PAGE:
(5) RESTENOS: Restenosis Following Coronary Atherectomy (Zhou et al., 1996). Each year, cardiologists open many clogged arteries only to have these same arteries restenose following surgery. A study sponsored by the NIH / Heart, Lung and Blood Institute was performed to determine whether silent infection with a common virus (cytomegalovirus) was predictive of the regrowth of arterial plaque. In 21 of the 49 patients with serologic evidence of cytomegalovirus infection, regrowth of arterial plaque was noted. In contrast, 2 of the 26 patients without serologic evidence of cytomegalovirus had plaque regrowth. Construct a 2-by-2 table for these data. Then calculate the risk ratio associated with cytomegalovirus infection. Include a 95% confidence interval. (You may use an epidemiological calculator such as EpiInfo > STATCALC for your calculation.) Do data support the theory that subclinical viral infections may play a role in arteriosclerosis?

(6) PHENFORM: Phenformin and Cardiovascular Death (Osborn, 1979). In a clinical trial, 26 out 204 patients treated with phenformin died of cardiovascular disease. In contrast, 2 of 64 control patients died of cardiovascular disease. Calculate the incidence of cardiovascular death in each group and then calculate the risk ratio associated with phenformin. Include a 95% confidence interval for the RR. In plain English, interpret your results.

(7) SIZE-COH: Power and Sample Size Exercises.
(A) Suppose you want to complete a study with a = 0.05; power = 0.8; allocation ratio = 1:1, and background rate (p2) of 25%. What size sample is needed to detect RR = 2? RR = 3? RR = 4?
(B) What is the power of a study looking for RR = 2, assuming n1 = 50, n2 = 100, p2 = 5%, and a = 0.05. What if the true RR = 2? What if RR = 3?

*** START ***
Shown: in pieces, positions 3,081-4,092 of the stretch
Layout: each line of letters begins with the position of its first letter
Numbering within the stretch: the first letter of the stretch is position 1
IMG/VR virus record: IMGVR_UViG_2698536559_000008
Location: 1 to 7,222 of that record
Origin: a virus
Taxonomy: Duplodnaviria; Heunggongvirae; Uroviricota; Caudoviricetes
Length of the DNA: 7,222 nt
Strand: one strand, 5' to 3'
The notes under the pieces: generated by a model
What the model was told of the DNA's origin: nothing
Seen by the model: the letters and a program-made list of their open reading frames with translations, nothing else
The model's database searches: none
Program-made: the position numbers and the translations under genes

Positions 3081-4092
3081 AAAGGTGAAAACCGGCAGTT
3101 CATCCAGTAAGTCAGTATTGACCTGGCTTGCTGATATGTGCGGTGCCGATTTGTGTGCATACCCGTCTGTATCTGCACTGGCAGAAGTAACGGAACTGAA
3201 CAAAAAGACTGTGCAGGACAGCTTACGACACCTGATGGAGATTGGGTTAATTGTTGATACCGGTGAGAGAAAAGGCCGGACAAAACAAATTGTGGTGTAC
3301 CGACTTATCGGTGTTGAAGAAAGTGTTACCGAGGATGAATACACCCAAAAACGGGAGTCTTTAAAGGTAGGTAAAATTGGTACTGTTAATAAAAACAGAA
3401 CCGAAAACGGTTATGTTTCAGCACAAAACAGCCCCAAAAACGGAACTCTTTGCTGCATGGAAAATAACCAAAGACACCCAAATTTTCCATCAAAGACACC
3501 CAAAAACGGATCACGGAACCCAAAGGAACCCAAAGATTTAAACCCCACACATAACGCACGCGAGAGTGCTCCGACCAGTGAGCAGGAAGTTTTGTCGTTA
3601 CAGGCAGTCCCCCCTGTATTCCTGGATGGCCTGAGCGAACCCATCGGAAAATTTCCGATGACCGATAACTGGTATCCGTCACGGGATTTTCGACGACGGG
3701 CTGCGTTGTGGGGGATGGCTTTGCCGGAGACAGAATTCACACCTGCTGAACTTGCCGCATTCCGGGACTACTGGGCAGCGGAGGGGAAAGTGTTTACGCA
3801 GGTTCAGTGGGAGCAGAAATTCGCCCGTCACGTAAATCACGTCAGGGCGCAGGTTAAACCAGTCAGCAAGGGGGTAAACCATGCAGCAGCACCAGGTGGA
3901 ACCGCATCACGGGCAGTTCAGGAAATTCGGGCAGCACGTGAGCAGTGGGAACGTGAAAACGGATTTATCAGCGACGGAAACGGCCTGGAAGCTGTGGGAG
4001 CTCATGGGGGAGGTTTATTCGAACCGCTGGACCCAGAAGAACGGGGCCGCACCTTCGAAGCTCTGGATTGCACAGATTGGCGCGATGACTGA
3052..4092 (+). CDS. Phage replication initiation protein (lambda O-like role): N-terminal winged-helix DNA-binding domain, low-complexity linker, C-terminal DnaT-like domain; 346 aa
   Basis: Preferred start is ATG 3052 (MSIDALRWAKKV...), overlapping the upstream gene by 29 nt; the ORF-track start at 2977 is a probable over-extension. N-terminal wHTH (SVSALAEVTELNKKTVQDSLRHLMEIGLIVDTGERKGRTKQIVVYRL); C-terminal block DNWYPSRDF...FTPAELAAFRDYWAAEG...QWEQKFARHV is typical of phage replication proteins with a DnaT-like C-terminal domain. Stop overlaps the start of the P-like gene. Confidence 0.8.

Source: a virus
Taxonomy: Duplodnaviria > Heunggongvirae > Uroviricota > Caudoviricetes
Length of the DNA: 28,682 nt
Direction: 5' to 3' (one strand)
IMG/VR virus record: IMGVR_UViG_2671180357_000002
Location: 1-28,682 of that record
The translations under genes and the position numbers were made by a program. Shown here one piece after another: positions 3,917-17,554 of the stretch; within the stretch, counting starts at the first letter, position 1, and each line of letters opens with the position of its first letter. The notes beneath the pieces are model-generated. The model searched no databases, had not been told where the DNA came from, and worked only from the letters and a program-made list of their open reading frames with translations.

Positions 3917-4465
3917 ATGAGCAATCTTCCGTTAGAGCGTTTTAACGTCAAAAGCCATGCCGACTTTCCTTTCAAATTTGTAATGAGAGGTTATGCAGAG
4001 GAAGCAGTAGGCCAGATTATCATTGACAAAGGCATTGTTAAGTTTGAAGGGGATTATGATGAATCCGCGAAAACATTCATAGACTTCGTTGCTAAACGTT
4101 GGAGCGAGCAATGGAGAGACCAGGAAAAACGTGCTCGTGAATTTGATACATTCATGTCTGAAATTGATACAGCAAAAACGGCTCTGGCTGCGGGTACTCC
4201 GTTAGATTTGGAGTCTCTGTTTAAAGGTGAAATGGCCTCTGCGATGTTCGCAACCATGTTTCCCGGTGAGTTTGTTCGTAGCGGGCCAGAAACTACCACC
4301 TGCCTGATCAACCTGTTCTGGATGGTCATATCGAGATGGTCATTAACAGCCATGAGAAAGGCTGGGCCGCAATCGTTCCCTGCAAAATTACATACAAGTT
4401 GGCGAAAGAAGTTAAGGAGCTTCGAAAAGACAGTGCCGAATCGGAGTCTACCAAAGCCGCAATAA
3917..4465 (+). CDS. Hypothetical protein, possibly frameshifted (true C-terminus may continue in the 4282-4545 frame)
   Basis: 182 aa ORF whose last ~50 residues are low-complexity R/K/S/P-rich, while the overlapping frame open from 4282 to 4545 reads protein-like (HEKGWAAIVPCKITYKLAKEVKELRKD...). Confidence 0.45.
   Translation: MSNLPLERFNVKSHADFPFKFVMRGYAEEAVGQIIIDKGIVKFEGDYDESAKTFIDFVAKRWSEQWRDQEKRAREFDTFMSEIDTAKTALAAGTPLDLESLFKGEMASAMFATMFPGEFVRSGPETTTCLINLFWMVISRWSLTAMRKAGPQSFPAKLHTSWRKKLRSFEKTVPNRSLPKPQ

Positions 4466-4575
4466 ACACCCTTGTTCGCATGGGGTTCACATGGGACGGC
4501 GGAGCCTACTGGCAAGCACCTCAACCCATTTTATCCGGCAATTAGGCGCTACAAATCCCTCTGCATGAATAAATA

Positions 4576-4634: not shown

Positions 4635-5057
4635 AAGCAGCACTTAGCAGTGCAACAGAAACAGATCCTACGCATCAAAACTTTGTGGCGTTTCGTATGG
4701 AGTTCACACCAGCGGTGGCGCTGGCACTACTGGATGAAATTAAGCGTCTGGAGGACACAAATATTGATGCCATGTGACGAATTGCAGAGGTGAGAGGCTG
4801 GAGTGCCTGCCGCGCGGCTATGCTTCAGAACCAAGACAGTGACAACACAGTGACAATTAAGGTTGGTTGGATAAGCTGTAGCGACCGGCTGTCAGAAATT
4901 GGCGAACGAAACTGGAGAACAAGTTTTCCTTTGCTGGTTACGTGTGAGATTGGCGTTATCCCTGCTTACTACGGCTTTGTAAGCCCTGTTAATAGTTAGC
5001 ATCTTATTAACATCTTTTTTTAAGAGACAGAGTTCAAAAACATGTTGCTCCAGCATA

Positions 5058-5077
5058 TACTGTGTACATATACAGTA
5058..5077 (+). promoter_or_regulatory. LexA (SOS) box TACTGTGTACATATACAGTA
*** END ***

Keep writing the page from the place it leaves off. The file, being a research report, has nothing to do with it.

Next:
(8) BI-HELM1.ZIP: Bicycle Helmet Use in Two Northern California Counties (Perales et al., 1994). In 1991, 1491 bicyclists were hospitalized for head injuries in California. BI-HELM1.REC contains bicycle helmet use data for 1651 bicycle riders in two northern California counties. Data can be downloaded by clicking on the highlighted file name. A code book is included in the ZIP file. After downloading this data set, calculate the helmet-use rate in the Santa Clara County and in Contra Costa County. (Report relevant counts and proportions.) Report the incidence ratio. Include a 95% confidence interval, and interpret your results.

(9) OC/MI. A study was conducted to look at the effects of oral contraceptive use (OC) on heart disease in women 40- to 44-years of age. Thirteen incident myocardial infarctions (MI) were found in 5000 current OC users during 3-years of observation. In contrast, 7 cases were seen in 10,000 non-users. Compare the incidence of MI in the groups using methods learned in this unit. Make certain to summarize your results in plain language.

Key

# References

Fisher, R. A. (1935). The logic of inductive inference. Journal of the Royal Statistical Society, 98, 39-54.

Fleiss, J. L. (1981). Statistical Methods for Rates and Proportions. Second Edition. New York: John Wiley & Sons.

Greenland, S., & Robins, J. M. (1985). Estimation of a common effect parameter from sparse follow-up data. Biometrics, 41(1), 55-68.

Osborn, J. F. (1979). Statistical Exercises in Medical Research. New York: John Wiley & Sons.

Rosner, B. (1990). Fundamentals of Biostatistics ( Third ed.). Belmont, CA: Duxbury Press.

Rothman, K. J., & Greenland, S. (1998). Modern Epidemiology ( Second ed.). Philadelphia: Lippincott-Raven.

Smith, P. F., Mikl, J., Truman, B. I., Lessner, L., Lehman, J. S., Stevens, R. W., Lord, E. A., Broaddus, R. K., & Morse, D. L. (1991). HIV infection among women entering the New York State correctional system. Am J Public Health, 81 Suppl, 35-40.

Zhou, Y. F., Leon, M. B., Waclawiw, M. A., Popma, J. J., Yu, Z. X., Finkel, T., & Epstein, S. E. (1996). Association between prior cytomegalovirus infection and the risk of restenosis after coronary atherectomy. N Engl J Med, 335(9), 624-630.